Catch-up on Sleeping Well at Ordsall Hall with Anna Fielding
Since my last blog post, I have been working hard at Ordsall Hall on a series of workshops aimed at general visitors, adult learners, and school children. These all explore the connections between sleep practices, health, climate, and landscape in the past and today. Work by researchers on the Sleeping Well in the Early Modern World team has been fed into these explorations alongside information taken from various sources specific to Lancashire such as recipe books, herbals, inventories, health regimens, maps, and personal journals.
The workshops provide an opportunity for participants to try early modern sleep remedies, soporific foods, bedding materials, and sleep tips. These various re-creations and craft sessions demonstrate how people in the 16th and 17th centuries sought to eliminate anything that would interfere with good sleep through carefully thought-out daily and seasonal routines, sleep aids, and diligent management of external and internal natural environments. Through the sessions, participants can compare these practices to 21st century advice, drawing inspiration from the links between bedrooms, diet, healthcare, environments, and the senses.
Workshops so far have included:
- Mattress stuffing
- Medicinal sleep remedy making
- Culinary sleep recipe recreations
- Planting and sowing plants, crops, herbs, and vegetables
- Creating recipe books
- Candle making
- Sleepy salve making
- Garden designs
- Harvesting ingredients and preserving techniques
- Sleepy drink making
Participants have been able to bring together different elements of early modern life that coalesced around sleep and health such as domestic and outdoor conditions, air quality, temperature, food, household cleaning, fabrics, religion, gardens, hygiene, scent, agriculture, and historical understandings of the body and mind.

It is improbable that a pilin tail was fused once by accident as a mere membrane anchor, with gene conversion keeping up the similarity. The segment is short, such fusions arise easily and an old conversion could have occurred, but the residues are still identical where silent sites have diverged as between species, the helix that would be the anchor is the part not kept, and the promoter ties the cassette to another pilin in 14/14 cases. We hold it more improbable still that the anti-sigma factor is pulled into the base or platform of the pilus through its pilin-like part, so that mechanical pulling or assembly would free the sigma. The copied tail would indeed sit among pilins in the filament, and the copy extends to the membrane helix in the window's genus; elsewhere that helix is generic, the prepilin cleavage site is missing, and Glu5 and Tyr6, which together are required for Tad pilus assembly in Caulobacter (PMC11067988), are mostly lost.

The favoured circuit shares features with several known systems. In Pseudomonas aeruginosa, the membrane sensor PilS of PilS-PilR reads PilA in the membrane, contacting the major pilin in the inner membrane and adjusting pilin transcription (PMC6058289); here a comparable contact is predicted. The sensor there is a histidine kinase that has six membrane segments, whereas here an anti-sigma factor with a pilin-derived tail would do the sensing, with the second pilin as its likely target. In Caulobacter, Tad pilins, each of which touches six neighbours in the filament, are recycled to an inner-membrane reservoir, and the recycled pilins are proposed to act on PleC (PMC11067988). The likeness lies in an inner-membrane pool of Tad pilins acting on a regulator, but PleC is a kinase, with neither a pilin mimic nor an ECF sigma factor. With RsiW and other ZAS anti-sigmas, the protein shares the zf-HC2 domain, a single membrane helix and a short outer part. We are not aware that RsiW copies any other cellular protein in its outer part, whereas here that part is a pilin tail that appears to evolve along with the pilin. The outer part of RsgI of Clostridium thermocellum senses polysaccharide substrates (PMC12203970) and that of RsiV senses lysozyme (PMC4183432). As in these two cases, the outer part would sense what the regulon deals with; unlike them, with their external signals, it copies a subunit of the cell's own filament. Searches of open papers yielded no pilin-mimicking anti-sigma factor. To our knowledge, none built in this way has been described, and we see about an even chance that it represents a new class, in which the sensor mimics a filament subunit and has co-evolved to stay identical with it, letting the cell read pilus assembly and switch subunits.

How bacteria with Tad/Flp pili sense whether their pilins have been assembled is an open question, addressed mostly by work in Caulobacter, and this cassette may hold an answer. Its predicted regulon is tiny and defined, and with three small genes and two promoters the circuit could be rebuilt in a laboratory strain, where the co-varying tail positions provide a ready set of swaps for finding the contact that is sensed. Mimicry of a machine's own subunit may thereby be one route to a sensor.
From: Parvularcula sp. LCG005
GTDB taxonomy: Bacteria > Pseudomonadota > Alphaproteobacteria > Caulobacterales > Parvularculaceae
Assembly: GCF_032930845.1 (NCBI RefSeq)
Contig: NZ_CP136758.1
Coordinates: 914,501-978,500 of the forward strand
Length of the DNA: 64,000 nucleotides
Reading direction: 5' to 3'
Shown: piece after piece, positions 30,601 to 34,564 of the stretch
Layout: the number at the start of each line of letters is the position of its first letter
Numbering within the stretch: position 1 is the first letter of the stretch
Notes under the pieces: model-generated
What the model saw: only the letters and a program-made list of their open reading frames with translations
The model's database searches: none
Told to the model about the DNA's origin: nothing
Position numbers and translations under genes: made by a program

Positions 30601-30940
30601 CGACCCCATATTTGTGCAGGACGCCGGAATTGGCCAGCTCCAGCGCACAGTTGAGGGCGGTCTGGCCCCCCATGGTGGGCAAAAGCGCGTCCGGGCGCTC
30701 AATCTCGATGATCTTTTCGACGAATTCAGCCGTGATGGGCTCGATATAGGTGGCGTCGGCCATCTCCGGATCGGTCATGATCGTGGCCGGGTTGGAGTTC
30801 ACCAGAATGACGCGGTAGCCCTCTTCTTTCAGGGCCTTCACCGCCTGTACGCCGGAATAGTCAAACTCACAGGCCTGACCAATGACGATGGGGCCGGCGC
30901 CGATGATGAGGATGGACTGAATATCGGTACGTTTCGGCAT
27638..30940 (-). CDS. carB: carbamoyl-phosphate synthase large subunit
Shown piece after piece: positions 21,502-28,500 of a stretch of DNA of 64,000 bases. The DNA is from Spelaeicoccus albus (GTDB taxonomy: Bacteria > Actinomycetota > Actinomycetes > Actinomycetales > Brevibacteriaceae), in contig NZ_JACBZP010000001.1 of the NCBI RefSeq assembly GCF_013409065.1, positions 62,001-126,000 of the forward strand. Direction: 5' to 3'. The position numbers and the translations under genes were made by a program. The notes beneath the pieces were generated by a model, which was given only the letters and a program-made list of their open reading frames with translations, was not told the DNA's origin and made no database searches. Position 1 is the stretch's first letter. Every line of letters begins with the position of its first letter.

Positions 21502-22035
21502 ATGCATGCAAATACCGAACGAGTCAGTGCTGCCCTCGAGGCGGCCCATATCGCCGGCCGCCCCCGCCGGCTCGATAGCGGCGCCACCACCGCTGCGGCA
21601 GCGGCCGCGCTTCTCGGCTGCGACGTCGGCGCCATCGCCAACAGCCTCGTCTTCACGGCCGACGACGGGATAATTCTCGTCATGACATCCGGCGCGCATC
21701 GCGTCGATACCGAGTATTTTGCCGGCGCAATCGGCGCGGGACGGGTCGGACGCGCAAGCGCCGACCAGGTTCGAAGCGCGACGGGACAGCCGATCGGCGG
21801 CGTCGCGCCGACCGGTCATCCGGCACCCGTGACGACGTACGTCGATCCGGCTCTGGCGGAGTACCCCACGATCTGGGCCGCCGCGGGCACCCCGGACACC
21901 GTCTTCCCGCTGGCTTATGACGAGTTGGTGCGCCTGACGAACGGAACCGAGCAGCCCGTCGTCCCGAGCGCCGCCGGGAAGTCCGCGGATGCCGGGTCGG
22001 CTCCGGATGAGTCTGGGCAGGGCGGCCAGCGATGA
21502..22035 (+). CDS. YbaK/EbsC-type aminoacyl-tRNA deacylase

Local school Primrose Hill in Ordsall have also been joining me at the hall, on a monthly basis. These sessions allow year 4 school children to explore sleep with a specific focus on historical sources, re-creations, and the connections between adequate sleep, personal healthcare, and the importance of time spent outside. Through these school workshops Ordsall Hall provides a cross-curricular offer for Key Stage 2 children which combines history with PSHE.
The children have worked with Jo Green, head gardener at Ordsall Hall, on garden designs which Jo has incorporated into sleep garden planting outside our school classroom space.
They have also made and tested early modern medicinal recipes such as sleepy lettuce and rose poultices, sleepy fennel-scented pouches, herbal washing waters, sleepy drinks such as posset and whey, candied flowers, dairy foods, grains and bread, as well as sowing crops that would help with sleep such as wheat, barley, and oats. During this school programme, the pupils have created their own sleepy recipe and remedy books, putting together their own favourite historical sleep aids from the workshops that they can share with others.
Mattress stuffing sessions have also given the school children and other visitors a chance to consider the natural materials of early modern beds and the connections between landscape, sleeping conditions, and physiology.
Next up at Ordsall is our summer holiday programme for families which includes lavender and flax pillows, corn dolly weaving, outdoor games, bread making, and herbal sleep aids. These are all designed to highlight how sleep care encompassed the home, diet, outdoors, seasonal rhythms, and daily habits. For more details and to book onto these free events, see here: What’s On – Ordsall Hall.
Over the course of the summer I will be sharing here, and on the Ordsall Hall site Sleeping Well at Ordsall Hall – Ordsall Hall, many of the culinary and medicinal recipes we have used so far at the hall as well as documenting our upcoming historical recreations using our new outdoor oven. There is plenty to get involved with and try throughout the rest of 2023 and up to September 2024.